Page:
with slideshow: Ann Arbor's Tickled Fancy Burlesque Company hopes to grow beyond burlesque
The Tickled Fancy Burlesque Company, "Ann Arbor's only burlesque and vaudevillian entertainment," is moving beyond burlesque. Gradually.
Founded in 2007 from the basements of its founding members, the troupe has grown from five members to 13, consisting of 11 females and 2 guys.
Despite relying largely on word-of-mouth and its online presence to generate publicity, Tickled Fancy was named Current magazine's "number one performance group" 2 years running. Its monthly shows regularly draw 250-plus people to the Blind Pig, or the State Theater, or Ypsilanti's Elbow Room.
Now that the burlesque company has something of a following and has attained some accolades, it feels comfortable to take more risks, said Mabel Syrup, troupe manager and founding member. This will entail adding a trapeze act and more of a circus element to its shows.
"We've been moving beyond burlesque for some time," Mabel said. "When we started, it was classical burlesque — the Bettie Page stuff, with a big emphasis on the tease aspect. Now there's more of a vaudeville element. We knew pretty early on we were too creative to just do burlesque."
Mabel, who did not want her real name printed for the sake of privacy, said that none of the troupe's members get paid. That's how they prefer it, for the time being, as the proceeds of its shows go back into renting practice space, buying materials and transportation to out-of-town shows.
"Everyone's here because they want to be," Mabel said, "and that's when you get people's best work."
Last Friday, Tickled Fancy held a fundraiser at Hathaway's Hideaway, in the old Third Ward Building, for its effort to buy a trapeze rig. Mabel Syrup said that 1 of the troupe's goals this year is to incorporate more of a circus element in its shows.
Friday night's fundraiser, a dance party with cheap drinks, merchandise, and a kissing booth, raised about $600 toward the $3,000 the company needs to get its trapeze act up and running. That will open doors for the troupe that brands itself as more than burlesque.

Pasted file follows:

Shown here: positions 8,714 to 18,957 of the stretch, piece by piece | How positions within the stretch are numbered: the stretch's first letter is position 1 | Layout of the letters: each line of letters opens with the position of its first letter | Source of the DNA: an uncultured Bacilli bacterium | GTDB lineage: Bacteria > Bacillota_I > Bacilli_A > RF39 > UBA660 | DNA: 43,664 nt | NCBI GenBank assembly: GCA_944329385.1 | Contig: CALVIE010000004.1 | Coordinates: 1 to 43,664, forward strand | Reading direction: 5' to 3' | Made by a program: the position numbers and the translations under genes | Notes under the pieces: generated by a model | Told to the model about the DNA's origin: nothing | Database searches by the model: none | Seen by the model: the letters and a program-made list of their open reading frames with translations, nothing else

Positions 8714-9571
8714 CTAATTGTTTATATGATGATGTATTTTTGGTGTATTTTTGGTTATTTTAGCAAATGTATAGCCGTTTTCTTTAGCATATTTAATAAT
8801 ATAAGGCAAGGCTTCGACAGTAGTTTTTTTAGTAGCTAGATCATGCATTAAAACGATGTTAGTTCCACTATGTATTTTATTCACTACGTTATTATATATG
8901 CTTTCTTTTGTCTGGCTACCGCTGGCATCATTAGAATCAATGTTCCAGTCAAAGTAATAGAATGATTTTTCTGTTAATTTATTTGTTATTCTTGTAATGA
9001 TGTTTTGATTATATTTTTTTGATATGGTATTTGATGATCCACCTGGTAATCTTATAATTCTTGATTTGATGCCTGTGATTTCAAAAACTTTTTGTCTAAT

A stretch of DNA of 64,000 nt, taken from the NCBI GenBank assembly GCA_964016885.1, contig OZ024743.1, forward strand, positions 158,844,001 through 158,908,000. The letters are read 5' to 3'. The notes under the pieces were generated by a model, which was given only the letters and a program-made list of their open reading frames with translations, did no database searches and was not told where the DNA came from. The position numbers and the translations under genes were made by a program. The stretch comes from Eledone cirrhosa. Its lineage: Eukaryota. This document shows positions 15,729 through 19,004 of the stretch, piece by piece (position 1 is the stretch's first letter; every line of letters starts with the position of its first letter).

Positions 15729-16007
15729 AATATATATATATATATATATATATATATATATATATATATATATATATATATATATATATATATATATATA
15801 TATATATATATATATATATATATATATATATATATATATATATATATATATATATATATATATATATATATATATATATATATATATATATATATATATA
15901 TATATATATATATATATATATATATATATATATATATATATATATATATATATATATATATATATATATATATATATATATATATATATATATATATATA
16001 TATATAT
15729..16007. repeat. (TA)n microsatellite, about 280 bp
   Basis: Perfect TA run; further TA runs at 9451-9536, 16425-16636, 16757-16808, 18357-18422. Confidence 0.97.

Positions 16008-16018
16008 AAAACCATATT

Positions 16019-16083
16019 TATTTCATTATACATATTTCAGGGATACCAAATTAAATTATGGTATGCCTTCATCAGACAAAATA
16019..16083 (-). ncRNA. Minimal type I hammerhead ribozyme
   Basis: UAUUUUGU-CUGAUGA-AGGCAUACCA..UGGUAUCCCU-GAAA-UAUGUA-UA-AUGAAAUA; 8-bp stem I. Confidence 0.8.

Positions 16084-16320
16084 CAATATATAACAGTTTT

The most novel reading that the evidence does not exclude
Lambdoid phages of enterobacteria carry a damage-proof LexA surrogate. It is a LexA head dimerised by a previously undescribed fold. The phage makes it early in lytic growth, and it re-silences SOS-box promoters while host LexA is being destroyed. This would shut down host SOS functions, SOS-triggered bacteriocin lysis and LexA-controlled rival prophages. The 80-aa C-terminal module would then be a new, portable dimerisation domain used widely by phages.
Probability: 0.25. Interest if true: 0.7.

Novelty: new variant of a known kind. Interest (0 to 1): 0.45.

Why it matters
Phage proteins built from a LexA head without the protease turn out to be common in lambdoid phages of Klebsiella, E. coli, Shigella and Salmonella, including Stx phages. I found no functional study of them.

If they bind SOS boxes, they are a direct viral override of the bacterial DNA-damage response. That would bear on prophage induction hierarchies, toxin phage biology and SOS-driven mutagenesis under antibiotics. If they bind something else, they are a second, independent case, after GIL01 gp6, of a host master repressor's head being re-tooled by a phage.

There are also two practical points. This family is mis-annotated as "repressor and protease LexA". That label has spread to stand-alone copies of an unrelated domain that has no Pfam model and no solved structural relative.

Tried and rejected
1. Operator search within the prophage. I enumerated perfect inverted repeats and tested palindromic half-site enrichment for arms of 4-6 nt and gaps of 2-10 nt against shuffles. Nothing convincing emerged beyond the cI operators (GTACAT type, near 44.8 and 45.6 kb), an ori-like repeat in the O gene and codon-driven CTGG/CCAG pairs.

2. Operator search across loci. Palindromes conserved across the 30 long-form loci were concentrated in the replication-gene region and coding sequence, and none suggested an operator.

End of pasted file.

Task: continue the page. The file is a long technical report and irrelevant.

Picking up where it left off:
Several of the company's performers have already begun training at the Detroit Fly House in anticipation of the new trapeze.
But once the trapeze is bought and paid for, Tickled Fancy will have another problem on its hands: finding a local venue spacious enough to actually use it.
Its normal venues probably aren't big enough. For a time the trapeze might be more of a staple of its traveling shows in larger venues.
The Power Center and Hill Auditorium might work; whether such venues would accept a burlesque act is another matter. That's part of the reason Tickled Fancy is looking to expand beyond the burlesque label and the stigma that comes with it.
"Circus is easier to promote than burlesque," Mabel explained. "Sex is so common; what we offer is sex appeal, which is much more interesting and less limiting."
"We do a lot more than just take our clothes off," Mabel added. "And once we get the trapeze we're going to be doing even more."
The Tickled Fancy Burlesque Company will hold its next show, its annual Fable and Fantasies show, at 8 p.m. on Saturday, May 8 at the State Theater.
James David Dickson can be reached at JamesDickson@AnnArbor.com.